With the right gear, you can run without lugging around pounds of water. Combined with their new hydration pack adapters, Sawyer’s Squeeze Water Filter ($40) allows you to drink clean water while training in the backcountry. The extra hardware added a mere 3 ounces to the hydration pack and let me drink through the bite valve without hassle.
Despite its small size, the filter is rated for over a million gallons of dirty water and removes bacteria, such as salmonella, cholera and E.coli, as well as with protozoa, such as giardia and cryptosporidium. It does not remove viruses (though you’re unlikely to encounter these outside populated areas).
To set it up, I cut the bite valve hose close to the reservoir. I pushed the Inline Hydration Pack Adapters ($5) onto the hose ends and screwed the filter on tight. During the run, I filled the reservoir with water from a stream. Then the dirty (or suspect) water went through the filter before it reached me.
If you're wary about adding dirty water to your pack, the alternative is Sawyer’s Fast Fill kit ($9), which I also tried. You add dirty water to a supplied 32-ounce squeeze pouch, then squirt it into your hydration reservoir. You unclip the filter, store the filter and squeeze pouch, and drink directly from your hydration pack.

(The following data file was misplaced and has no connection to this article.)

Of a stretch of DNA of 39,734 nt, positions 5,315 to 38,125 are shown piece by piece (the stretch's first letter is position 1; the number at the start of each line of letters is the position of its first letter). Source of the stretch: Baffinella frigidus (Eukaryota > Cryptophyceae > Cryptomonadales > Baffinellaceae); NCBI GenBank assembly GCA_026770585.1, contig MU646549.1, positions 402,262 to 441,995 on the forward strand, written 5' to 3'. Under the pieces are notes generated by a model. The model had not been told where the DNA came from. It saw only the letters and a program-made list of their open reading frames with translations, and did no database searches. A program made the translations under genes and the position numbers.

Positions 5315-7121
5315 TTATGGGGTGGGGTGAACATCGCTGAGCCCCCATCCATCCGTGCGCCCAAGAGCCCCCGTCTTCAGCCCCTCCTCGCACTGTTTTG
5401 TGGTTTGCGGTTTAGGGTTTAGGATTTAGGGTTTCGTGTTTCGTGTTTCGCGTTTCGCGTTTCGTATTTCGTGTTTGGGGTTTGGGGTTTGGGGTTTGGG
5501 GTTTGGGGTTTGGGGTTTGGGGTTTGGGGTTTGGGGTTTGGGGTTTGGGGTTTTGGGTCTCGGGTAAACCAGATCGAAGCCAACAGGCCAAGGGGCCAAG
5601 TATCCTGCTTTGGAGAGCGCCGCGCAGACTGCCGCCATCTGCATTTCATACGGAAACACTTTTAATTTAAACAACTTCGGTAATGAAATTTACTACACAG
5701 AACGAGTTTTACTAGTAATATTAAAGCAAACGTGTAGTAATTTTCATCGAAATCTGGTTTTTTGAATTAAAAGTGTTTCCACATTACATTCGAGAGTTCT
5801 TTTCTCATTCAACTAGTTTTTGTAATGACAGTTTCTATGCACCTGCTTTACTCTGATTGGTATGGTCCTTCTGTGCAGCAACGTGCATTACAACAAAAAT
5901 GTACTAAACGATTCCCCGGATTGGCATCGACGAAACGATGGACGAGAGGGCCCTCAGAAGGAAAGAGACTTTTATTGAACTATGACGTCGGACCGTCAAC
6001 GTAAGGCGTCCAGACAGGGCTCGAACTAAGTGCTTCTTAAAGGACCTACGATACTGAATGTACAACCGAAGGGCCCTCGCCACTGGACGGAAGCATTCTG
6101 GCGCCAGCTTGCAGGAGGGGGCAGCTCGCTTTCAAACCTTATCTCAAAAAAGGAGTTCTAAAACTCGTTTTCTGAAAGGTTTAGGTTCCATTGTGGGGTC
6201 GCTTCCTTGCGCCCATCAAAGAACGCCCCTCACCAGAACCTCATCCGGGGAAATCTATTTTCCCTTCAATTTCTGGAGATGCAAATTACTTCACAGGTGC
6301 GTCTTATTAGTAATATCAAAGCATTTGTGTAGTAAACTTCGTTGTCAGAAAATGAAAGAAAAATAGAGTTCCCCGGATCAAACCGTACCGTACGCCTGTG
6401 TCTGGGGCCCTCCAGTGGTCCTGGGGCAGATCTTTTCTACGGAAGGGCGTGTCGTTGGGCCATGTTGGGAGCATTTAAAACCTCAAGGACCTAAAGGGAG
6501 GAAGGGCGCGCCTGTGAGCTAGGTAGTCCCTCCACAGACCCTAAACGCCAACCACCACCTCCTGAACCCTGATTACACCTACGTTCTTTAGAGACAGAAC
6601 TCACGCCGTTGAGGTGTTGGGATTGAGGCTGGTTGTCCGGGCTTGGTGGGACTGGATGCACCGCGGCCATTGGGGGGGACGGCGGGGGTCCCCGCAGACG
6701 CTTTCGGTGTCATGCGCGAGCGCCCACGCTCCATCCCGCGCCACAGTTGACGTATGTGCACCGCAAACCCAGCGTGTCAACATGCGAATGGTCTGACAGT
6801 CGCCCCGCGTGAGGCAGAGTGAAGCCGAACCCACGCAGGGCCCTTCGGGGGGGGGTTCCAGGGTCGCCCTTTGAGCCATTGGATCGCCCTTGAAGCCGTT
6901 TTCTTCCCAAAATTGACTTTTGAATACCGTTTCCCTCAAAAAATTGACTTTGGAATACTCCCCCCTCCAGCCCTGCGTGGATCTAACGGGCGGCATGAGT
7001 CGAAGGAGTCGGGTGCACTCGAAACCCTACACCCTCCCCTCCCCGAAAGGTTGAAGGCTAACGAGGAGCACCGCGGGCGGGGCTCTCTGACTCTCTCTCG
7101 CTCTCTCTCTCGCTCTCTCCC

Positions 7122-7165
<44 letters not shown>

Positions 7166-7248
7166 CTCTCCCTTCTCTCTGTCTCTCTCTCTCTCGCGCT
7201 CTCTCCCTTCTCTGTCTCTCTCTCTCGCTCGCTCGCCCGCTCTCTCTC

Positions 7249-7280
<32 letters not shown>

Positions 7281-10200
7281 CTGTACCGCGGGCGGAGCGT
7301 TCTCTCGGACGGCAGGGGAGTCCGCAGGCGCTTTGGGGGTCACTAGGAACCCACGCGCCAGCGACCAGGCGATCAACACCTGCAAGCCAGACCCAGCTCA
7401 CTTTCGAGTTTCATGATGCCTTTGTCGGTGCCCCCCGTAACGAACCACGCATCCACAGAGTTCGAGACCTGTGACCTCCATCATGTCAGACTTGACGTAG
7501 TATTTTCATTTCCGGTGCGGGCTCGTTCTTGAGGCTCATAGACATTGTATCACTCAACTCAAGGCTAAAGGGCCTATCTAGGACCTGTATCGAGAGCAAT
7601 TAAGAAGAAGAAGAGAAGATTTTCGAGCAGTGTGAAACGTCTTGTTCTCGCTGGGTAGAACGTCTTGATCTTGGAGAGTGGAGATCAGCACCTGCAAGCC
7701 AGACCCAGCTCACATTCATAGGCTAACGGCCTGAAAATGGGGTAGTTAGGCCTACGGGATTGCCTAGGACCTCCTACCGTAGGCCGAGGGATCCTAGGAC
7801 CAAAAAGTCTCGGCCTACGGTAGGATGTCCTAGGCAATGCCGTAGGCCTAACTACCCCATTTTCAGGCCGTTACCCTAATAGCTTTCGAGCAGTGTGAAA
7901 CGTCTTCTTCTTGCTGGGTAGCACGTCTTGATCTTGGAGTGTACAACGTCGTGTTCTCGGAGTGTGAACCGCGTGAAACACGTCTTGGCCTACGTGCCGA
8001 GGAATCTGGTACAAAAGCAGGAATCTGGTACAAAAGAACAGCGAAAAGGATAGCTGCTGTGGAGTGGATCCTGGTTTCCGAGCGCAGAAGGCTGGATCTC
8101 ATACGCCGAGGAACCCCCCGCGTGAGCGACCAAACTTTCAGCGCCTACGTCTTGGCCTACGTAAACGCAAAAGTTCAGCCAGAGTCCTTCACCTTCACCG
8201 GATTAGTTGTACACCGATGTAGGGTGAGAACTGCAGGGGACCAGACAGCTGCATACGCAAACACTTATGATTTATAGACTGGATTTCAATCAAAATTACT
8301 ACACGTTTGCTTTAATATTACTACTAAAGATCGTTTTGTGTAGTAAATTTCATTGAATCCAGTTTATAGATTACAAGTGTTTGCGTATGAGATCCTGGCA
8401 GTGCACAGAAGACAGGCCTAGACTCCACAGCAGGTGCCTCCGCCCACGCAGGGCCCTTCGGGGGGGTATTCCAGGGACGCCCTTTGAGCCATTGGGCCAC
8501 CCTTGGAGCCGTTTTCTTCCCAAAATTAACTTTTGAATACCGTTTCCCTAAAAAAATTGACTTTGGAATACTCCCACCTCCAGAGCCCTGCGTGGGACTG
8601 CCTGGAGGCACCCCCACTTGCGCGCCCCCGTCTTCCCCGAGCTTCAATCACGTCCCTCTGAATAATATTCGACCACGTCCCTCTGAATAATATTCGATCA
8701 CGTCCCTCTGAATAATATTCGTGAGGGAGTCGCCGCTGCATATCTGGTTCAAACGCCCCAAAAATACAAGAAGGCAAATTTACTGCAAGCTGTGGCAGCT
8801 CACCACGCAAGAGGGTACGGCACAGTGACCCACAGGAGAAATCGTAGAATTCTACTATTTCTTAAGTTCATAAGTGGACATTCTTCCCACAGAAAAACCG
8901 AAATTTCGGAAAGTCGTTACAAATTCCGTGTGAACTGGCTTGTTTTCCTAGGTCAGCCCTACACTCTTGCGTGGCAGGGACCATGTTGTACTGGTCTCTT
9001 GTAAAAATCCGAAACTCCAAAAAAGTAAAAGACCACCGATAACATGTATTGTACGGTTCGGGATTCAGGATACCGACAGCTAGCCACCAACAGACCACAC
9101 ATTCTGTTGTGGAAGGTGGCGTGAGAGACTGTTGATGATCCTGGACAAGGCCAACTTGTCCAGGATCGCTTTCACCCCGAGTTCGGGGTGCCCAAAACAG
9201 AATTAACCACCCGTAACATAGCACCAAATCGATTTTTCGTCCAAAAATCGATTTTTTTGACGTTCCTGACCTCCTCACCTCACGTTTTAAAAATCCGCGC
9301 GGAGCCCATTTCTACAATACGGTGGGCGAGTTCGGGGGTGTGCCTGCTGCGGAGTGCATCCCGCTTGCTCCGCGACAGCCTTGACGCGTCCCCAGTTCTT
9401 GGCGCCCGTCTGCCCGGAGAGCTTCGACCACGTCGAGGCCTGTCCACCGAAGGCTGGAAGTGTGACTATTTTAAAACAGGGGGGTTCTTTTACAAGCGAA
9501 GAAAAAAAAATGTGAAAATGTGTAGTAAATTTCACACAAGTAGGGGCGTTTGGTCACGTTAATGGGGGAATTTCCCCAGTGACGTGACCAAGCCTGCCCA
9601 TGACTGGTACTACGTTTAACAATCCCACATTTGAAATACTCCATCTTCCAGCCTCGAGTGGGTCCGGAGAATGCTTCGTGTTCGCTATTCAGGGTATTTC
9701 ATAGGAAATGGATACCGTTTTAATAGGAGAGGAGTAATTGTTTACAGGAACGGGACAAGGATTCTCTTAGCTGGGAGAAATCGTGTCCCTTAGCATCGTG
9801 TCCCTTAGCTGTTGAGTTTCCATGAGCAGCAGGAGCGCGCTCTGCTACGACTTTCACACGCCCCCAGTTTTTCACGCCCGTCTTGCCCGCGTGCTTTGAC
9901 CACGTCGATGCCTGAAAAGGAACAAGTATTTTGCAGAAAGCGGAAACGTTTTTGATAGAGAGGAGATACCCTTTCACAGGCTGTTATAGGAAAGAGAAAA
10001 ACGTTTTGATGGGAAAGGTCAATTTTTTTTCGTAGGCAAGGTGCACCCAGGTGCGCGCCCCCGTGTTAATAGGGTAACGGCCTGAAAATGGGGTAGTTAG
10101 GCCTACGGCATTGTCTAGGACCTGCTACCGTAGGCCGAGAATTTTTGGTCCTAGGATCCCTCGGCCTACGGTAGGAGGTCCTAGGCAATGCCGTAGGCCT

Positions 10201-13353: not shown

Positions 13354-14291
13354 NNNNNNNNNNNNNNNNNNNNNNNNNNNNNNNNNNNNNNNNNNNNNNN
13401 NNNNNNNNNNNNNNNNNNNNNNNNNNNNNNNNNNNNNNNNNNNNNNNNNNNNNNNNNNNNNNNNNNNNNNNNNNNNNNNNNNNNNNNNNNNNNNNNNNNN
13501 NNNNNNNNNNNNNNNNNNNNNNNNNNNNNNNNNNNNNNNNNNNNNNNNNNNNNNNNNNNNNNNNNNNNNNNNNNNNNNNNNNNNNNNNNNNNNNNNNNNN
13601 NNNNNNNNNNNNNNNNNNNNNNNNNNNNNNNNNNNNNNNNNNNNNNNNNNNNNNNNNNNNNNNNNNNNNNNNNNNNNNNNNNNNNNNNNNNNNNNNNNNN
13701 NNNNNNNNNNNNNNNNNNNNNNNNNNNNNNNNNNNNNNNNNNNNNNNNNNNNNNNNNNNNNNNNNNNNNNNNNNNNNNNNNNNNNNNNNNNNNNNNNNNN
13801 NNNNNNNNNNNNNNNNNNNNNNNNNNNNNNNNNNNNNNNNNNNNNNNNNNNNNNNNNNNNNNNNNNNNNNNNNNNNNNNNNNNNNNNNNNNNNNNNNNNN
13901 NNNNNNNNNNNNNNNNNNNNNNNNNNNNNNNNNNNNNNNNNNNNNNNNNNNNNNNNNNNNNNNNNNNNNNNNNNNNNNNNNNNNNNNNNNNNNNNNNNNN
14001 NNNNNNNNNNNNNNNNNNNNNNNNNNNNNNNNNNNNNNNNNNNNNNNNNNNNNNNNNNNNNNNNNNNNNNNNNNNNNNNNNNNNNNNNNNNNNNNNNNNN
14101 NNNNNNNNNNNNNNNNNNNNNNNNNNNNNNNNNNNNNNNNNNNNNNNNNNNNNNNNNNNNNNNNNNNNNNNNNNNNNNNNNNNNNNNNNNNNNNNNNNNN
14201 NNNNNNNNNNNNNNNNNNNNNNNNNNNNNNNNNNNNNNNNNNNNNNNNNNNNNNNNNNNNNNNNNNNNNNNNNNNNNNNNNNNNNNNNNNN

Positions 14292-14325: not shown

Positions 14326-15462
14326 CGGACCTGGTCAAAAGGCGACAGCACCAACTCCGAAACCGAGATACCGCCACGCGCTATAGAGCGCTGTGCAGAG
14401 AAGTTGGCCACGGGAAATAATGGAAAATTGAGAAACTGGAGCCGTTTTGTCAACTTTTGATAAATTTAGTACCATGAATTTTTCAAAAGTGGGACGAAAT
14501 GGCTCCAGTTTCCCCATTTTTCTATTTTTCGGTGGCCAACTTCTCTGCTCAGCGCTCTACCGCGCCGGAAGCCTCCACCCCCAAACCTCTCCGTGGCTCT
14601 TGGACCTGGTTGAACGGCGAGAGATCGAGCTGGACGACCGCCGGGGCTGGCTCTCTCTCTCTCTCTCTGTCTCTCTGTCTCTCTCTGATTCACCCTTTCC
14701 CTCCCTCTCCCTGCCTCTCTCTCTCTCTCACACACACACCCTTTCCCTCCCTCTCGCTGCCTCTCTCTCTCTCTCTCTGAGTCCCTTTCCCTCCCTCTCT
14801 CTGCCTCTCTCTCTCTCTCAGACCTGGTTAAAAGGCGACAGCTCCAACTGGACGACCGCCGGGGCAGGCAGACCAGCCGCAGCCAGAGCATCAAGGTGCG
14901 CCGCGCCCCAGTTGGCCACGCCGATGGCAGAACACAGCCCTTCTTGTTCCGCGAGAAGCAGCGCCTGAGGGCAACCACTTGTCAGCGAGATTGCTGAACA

I liked the inline product better, even though it required adding dirty water to a hydration reservoir. It presented less hassle and delay. In my arrangement, it was easy enough to remove the reservoir to replenish water from a stream. And that way, I didn’t have to carry a squeeze pouch, or wait while filtered water trickled into the bag.
Using the filter meant pulling a little harder on the valve to drink, but the extra resistance incidentally helps regulate the flow during hard exertion.
The kits work with most hydration systems, including my Platypus bag, though I hear they don't work with Osprey products. In that case, you could probably find an adapter for a few dollars in the PVC tubing isles of a big box hardware store.